About URWSSP :


Uttarakhand Rural Water Supply & Sanitation Project (URWSSP):

1 Period

Project Start date: 30th November, 2006;

Project End date: 31st December, 2015
2 Project Development Objective To improve the effectiveness of rural water supply and sanitation (RWSS) services through decentralization and the increased role of the Panchayati Raj Institutions and the involvement of local communities in the state of Uttarakhand.
3 Project End Target Population: 1.2 Million; Habitations: 8270; Open Defecation Free (ODF): 30% of project GPs (470 GPs); Catchment Treatment: 970 Schemes
4 Implementing Agencies Uttarakhand Peyjal Nigam (UJN), Uttarakhand Jal Sansthan (UJS) and Project Management Unit, SWAJAL.
5 Project Cost The total water sector investment committed is $224 million for the SWAp. Partners for the SWAp pool ($224 million) include Government of India (31%), Government of Uttarakhand (67%); and the User Communities (3%) financial share. The International Development Association will reimburse the Government of Uttarakhand share of SWAp basket up to $120 Million, against an annually varying reimbursement pattern, agreed in the PAD.
6 Project Components

SWAp Program Components

Total Budget

World Bank share

Million $


RWSS Development




RWSS Infrastructure Investments




Program Management Support and M&E






7 Project Cycle for implementation of the project

(i) Pre-planning phase: (ii) Planning Phase: (iii) Implementation Phase :

(iv) Operation and Maintenance Phase and thereafter : (v) exit
8 Community Contribution The upper ceiling of upfront community contribution for private water connection is Rs. 600.00 and Rs. 300.00 for General Category and Schedule Caste/Schedule Tribe (SC/ST) population respectively. In case of public stand post, the upper ceiling is Rs. 300.00 and 150.00 for General Category and SC/ST population.
9 Uniqueness of the project
  • The project makes extensive use of existing government systems for funds flow, financial control & financial reporting.
  • The project is envisaged on the principle of ‘subsidiarity’ viz., that a particular decision/activity will be made/take place at the lowest most appropriate level.
  • The habitation is the focal point for planning, implementation, operation & maintenance of the water supply scheme, rather than revenue village or the Gram Panchayat (GP).
  • Users Water Sanitation Sub Committee (UWSSC) is in most cases, the primary management unit exercising control over resources & decision making.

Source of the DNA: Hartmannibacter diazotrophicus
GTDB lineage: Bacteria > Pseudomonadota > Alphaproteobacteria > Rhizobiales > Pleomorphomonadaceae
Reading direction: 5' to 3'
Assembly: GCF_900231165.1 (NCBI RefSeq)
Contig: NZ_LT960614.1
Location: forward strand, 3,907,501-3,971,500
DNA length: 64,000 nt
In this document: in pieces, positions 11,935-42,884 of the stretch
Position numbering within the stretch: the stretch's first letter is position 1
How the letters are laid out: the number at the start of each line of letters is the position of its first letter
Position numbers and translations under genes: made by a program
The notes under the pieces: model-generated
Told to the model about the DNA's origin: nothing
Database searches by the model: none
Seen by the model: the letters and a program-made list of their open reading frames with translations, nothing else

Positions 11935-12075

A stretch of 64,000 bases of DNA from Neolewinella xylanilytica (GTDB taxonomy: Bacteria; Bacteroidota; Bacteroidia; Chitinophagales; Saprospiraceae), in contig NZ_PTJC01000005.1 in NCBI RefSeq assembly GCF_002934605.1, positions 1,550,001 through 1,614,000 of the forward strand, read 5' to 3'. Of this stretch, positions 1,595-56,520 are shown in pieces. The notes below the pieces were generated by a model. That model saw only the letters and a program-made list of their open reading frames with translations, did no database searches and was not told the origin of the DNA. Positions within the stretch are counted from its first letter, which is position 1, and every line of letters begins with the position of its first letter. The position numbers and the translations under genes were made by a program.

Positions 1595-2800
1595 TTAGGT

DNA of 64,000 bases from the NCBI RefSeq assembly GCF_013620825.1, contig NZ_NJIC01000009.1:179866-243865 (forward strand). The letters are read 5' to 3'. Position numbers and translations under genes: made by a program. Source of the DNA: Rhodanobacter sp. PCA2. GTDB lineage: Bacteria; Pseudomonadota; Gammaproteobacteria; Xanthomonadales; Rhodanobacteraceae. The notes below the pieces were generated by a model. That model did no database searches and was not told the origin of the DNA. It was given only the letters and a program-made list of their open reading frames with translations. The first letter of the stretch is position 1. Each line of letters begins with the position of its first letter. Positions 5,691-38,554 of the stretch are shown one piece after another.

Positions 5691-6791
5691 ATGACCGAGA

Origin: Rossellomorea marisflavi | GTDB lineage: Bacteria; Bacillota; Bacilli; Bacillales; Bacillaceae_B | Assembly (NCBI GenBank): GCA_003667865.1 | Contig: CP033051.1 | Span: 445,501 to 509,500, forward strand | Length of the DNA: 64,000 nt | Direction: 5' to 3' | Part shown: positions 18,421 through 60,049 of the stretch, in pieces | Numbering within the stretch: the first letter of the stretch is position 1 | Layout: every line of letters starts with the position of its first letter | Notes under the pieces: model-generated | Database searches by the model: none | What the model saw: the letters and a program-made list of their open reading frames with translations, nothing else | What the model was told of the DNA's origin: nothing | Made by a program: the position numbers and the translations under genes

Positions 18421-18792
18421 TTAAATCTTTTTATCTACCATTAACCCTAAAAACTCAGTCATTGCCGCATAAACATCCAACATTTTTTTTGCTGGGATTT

10 Innovations at a Glance
  • Planning Unit: Habitation;
  • Legal Status to UWSSC;
  • Model Bye-laws for UWSSC;
  • Fine-tuning of SOs Selection Criteria;
  • Constitution of Technical Review Committee at district level;
  • Single Set of Schedule of Rates;
  • Capacity building of all stakeholders;
  • Web based online Sector Information System (SIS):- URL: swajalsis.uk.gov.in/
  • Community Contracting;
  • Social Audit Committee;
  • Insurance of schemes.
11 Impacts

Communities have the following advantages:

  • Lesser Dependence on Outsiders for water supply service i.e. Gram Swaraj (Village Self Rule)- leading to ‘community pride’ & ‘community control’.
  • Reduction in Coping Cost as well as more availability of house hold space due to elimination of storing water in larger containers
  • Elimination of Travel Time and Travel Cost in lodging no-water complaints, making payment of bills and getting sanction of new water connection
  • Improvement in Mean Time Between Failure (MTBF); due to better quality of repairs and strict control/supervision by the community.
  • Reduction in Women’s Drudgery: of about 2-3 hours per day leading to better quality of life i.e. utilization of their quality time in caring their children and leisure time besides income generation in some cases.

Savings for the State Exchequer: Detailed assessments show that by decentralizing service delivery to local communities, the state government’s savings include: savings in institutional costs and O&M costs. Thus the State Government has to provide lesser budgetary support through State Exchequer as GP meets the O&M expenses including energy costs.

Greater Availability of Time for Line Departments: GP/UWSSC takes up the full responsibility of O&M, with back-up support by the UJS, as and when required. Thus line department have more availability of time for managing complex schemes and lesser management problems.

Employment Generation:

  • About 2800 Single Village Schemes have been completed (as on June 30, 2013), commissioned, operated and maintained by the UWSSCs. Every UWSSC has appointed at least one Village Maintenance Worker (VMW) for operation and maintenance of the scheme. It implies that about 2800 local people have been provided employment at the village level by the GPs. 
  • Apart from this, about 7400 personnel employed by the Support Organizations/Non-Governmental Organizations (NGOs) for community mobilization activities in planning and implementation phase.

Table 2: Ratings of World Bank Mission: May, 2014

India:Uttarakhand RWSS (Project ID: P083187; Loan/Credit No. 42320)

Key Project Data Current Ratings and Flags
Effectiveness Date 11/30/2006 Development Objectives Satisfactory
Closing Date 12/31/2015 Implementation Progress Satisfactory
Project Age 7.6 years Problem Flags None
% Disbursed as of May, 2014 88% Original Project; 74% Original Project plus AF for Disaster Management